Because I patterned that old tom prior to opening day I didn’t have to call. Some may think that takes the fun out of it. I agree somewhat, but with a big caveat: Enticing a tom to gobble can attract other hunters or even a real hen, and either of those can ruin an opportunity. In this case it was opening day on public land, so I didn’t want to draw attention to the tom.

Scout from a Distance
The key to patterning a gobbler preseason is listening, not walking or calling. You should already know the terrain. The best time to scout terrain is in late winter or early spring before green-up. During the month before the season you shouldn’t walk around in the woods or fields where you will be hunting. Spring turkey patterns are fragile things. Use a binocular to check for strutting toms in mid or late morning across fields, and find good points to listen from that you can access without walking through areas turkeys are using.

The only time I’ll slip in preseason is when I hear or see turkeys leave a staging area or strutting zone to move to a feeding area. When the season is on, it is best to only slip into precise calling setups, not wander about general areas. Whenever possible, use a stream valley, cliff or other terrain feature to stay out of sight as you try to strike a tom.

As toms gobble listen for hens. If several gobblers are together it might be a group of 2-year-old gobblers or jakes that are subdominant and don’t have hens. This information can help you decide which bird to hunt. You might, for example, decide to leave a henned-up tom for your second tag as you first go for a group of lonely 2-year-olds.

Watch for the Wild Card
After I’d killed the dominant tom the 2-year-old gobblers were easy to call in the next day. With the top bird gone the younger gobblers were wild with enthusiasm and vying for the top spot. I found them split up along the ridgeline. I called in several hens before one of the toms strutted in. The whole forest seemed alive with turkeys that morning.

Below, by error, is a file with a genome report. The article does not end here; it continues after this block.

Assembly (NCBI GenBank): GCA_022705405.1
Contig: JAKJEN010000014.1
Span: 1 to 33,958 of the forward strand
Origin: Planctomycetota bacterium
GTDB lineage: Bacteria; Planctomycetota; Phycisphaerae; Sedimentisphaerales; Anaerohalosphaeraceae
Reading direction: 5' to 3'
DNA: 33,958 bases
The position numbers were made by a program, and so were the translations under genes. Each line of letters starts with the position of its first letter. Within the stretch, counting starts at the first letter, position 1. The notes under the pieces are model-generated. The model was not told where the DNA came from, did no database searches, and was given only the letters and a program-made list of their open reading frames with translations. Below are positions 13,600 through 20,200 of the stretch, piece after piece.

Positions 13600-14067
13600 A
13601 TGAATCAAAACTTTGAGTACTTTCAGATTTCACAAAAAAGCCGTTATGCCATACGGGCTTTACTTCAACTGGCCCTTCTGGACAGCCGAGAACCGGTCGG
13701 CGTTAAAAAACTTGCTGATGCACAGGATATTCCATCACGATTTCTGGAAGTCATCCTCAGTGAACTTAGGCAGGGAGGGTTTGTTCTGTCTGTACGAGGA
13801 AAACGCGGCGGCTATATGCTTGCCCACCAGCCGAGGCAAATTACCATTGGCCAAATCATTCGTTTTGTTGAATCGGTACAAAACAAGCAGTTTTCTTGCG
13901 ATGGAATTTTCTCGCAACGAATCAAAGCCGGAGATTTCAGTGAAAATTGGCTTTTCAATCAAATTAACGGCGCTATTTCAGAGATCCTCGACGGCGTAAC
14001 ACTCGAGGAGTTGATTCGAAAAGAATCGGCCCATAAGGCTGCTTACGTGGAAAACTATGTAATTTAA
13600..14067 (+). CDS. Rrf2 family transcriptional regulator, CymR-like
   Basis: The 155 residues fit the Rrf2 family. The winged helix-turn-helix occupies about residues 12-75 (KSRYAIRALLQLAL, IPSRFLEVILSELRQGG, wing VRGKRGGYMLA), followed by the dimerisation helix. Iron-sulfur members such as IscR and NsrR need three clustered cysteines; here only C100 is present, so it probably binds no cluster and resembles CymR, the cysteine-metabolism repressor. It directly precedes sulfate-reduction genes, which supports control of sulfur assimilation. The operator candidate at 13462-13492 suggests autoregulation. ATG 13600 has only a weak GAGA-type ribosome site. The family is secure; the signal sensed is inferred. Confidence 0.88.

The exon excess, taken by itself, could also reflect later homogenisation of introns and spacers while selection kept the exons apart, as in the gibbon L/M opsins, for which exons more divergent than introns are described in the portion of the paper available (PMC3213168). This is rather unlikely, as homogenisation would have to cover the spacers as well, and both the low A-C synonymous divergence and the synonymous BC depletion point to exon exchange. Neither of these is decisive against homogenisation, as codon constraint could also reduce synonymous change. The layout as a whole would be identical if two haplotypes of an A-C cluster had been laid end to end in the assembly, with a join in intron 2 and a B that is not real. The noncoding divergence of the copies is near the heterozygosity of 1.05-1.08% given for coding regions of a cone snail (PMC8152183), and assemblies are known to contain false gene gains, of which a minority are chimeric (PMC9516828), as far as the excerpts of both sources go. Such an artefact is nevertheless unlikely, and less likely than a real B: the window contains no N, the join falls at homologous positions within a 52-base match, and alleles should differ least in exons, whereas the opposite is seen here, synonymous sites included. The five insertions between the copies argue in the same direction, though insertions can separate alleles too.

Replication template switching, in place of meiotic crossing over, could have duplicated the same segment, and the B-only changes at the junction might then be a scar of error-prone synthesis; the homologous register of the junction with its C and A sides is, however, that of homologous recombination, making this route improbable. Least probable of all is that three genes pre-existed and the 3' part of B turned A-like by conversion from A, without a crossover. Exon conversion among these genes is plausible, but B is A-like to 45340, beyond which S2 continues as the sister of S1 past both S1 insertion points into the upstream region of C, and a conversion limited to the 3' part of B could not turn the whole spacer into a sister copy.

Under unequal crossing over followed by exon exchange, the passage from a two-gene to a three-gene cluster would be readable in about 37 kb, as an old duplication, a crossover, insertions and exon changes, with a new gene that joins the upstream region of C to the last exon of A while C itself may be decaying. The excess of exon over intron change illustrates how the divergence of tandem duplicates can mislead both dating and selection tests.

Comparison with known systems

As I had them patterned, I didn’t have to adjust positions and thereby risk spooking them. I knew how they were using the terrain, so I took a position before light and called only a little. When hens answered me, I answered them with a more dominant tone.

Scouting particular birds also ups your odds after a lot of hunters have hit an area hard. The turkeys are likely still there. Studies indicate toms simply gobble a lot less when they are pressured. If you know how they use terrain you can slip in and only call a little while you mimic the sounds of hens scratching in the leaves. That tactic will often convince a call-shy tom to sneak in.

As you listen in preseason, and then hunt, add all the data you gather to a map. A detailed map of turkey roosts, strutting zones, feeding areas and more will help you fill a tag when the second gobbling peak comes and after other hunters have given up. It will also help you get started patterning toms in seasons to come.

Some hunters will find this approach boring compared to the run-and-gun technique. That can be true, but then again there is nothing random or lucky about this style of hunting. It requires a deeper understanding of your prey, and that brings a lot of satisfaction when a plan comes together.